Separating your life from your spouse during and after a divorce can be difficult. Aside from the financial entanglements you have, you may also share some social ties that aren’t easily divided or broken.
Here’s a basic guide on how you start building some privacy from your spouse as soon as you decide to divorce and after the divorce occurs:
1. Get a private phone
If you’ve been on a shared plan for your cellphone, it’s time to drop that and get a plan of your own. You also need to either replace your old phone or — at a minimum — check the settings and put a new passcode on your current one.
The reason it may be wise to get an entirely new phone is that some spouses will engage in sneaky behavior when they suspect a divorce is coming. There are invisible software programs available that can be downloaded onto a cellphone that will track your every call or text. It’s wiser to avoid the risk.
2. Change all your accounts and passwords
You need to create a list of all your online accounts and passwords and make some changes. When possible, close the old accounts and open new ones. For example, delete your old email account and start a new one — with a password your spouse can’t guess. When it isn’t possible to simply get a new account, go through the settings and make sure that your spouse can’t gain access. Reset all passwords and security questions to something your spouse doesn’t know.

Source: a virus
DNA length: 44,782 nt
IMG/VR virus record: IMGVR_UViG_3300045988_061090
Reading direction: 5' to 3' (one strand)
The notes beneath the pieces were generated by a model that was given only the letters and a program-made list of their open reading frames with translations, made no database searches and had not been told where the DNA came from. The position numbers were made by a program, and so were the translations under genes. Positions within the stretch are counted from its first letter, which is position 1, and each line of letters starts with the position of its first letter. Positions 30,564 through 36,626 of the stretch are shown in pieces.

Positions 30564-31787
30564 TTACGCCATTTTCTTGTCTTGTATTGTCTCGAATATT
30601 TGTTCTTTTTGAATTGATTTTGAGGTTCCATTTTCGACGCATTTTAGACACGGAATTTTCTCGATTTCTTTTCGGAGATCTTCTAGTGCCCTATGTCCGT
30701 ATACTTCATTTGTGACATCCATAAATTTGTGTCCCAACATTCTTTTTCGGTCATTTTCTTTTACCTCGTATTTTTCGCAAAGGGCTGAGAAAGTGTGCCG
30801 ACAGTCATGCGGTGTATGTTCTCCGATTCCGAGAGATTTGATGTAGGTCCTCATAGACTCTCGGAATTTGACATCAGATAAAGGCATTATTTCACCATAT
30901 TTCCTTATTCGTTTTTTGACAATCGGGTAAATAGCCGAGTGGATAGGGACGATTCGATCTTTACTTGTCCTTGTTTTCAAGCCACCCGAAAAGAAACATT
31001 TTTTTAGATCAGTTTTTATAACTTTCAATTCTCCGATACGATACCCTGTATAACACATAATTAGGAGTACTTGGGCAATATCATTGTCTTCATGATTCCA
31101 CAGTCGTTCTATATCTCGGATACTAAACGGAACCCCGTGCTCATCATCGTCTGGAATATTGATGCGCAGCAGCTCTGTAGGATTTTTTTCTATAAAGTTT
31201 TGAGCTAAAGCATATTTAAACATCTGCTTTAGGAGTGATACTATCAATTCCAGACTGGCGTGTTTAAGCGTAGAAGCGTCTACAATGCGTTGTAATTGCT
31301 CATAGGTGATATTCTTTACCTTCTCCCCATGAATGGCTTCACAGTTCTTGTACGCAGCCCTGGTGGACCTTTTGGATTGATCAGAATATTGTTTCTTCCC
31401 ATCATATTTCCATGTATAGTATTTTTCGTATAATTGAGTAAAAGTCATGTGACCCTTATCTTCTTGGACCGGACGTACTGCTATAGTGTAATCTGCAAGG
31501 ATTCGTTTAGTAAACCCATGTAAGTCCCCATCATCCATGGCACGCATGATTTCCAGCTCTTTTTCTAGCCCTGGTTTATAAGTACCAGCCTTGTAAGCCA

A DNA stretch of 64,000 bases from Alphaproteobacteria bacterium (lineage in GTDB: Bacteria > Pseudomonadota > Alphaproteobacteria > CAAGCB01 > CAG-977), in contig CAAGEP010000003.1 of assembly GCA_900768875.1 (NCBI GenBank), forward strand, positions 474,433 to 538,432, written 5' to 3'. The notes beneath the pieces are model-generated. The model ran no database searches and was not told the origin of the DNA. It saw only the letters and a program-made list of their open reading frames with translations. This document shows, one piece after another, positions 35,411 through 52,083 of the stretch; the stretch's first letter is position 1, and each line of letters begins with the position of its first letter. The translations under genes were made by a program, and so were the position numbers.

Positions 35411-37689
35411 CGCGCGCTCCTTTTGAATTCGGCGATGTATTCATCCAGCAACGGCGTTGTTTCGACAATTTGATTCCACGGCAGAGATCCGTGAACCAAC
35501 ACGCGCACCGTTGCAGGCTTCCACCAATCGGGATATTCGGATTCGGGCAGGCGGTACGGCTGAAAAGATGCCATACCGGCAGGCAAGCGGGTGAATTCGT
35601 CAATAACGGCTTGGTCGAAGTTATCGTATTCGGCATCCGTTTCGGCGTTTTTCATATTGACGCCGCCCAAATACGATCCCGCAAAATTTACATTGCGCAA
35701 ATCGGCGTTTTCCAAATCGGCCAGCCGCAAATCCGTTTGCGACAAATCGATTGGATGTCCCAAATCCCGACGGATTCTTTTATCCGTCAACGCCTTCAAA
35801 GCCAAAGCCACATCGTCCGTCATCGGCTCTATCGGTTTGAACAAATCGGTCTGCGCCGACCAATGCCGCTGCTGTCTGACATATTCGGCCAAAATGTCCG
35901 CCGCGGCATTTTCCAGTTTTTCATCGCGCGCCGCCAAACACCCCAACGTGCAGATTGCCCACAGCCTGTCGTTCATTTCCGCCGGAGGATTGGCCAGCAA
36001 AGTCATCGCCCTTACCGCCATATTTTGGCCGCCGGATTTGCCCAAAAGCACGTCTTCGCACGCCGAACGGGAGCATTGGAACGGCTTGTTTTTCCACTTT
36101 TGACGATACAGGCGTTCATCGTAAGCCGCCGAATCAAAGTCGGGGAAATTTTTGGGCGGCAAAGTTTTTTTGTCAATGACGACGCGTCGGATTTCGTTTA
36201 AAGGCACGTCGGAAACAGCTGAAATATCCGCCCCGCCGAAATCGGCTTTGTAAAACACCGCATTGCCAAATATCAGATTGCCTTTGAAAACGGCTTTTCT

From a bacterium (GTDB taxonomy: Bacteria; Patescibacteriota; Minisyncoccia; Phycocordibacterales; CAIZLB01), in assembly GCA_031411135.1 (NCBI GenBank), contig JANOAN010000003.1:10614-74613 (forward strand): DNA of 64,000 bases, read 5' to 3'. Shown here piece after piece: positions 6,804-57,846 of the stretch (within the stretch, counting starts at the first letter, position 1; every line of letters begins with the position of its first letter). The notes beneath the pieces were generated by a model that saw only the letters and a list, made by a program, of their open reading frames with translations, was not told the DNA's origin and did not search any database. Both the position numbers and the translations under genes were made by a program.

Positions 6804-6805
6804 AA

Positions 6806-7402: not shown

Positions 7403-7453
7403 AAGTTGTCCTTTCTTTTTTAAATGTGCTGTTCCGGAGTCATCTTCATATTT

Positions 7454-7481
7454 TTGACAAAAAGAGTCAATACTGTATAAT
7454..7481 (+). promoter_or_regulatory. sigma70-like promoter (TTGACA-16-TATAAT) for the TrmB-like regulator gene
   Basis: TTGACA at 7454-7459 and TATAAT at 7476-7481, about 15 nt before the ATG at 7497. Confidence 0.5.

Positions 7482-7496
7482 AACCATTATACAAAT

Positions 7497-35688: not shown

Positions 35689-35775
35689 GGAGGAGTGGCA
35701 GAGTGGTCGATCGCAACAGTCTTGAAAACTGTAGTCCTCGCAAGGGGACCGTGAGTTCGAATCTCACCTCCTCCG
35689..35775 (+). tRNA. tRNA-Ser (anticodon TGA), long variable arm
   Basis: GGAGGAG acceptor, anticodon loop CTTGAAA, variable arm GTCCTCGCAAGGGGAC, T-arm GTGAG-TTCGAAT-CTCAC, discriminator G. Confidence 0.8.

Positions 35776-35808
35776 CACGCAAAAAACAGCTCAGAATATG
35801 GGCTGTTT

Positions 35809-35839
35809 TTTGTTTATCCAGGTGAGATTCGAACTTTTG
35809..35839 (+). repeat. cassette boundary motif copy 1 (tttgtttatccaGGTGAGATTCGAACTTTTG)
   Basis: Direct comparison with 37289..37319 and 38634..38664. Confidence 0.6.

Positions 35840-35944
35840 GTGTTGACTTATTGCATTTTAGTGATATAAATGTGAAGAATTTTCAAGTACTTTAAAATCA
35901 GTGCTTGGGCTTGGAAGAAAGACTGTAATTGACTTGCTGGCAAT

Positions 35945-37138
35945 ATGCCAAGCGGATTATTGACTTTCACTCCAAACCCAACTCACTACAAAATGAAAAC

3. Learn how to handle intrusive questions
You could inadvertently be the biggest source of information your spouse has about your private life. It can be terribly difficult to know who you can trust with your private information after a divorce — and a lot of people will ask questions that are intrusive.
Learn to respond to questions about how you are doing — or what you are doing — with vague statements like, “Oh, I’m managing.” Have a few stock comments in mind that don’t give anything away and only share your personal information with a few of your closest friends.
Keep in mind, the more high-profile a couple you were, the more curious people will be about your situation. Your attorney can help you find other ways to secure your privacy during this difficult time.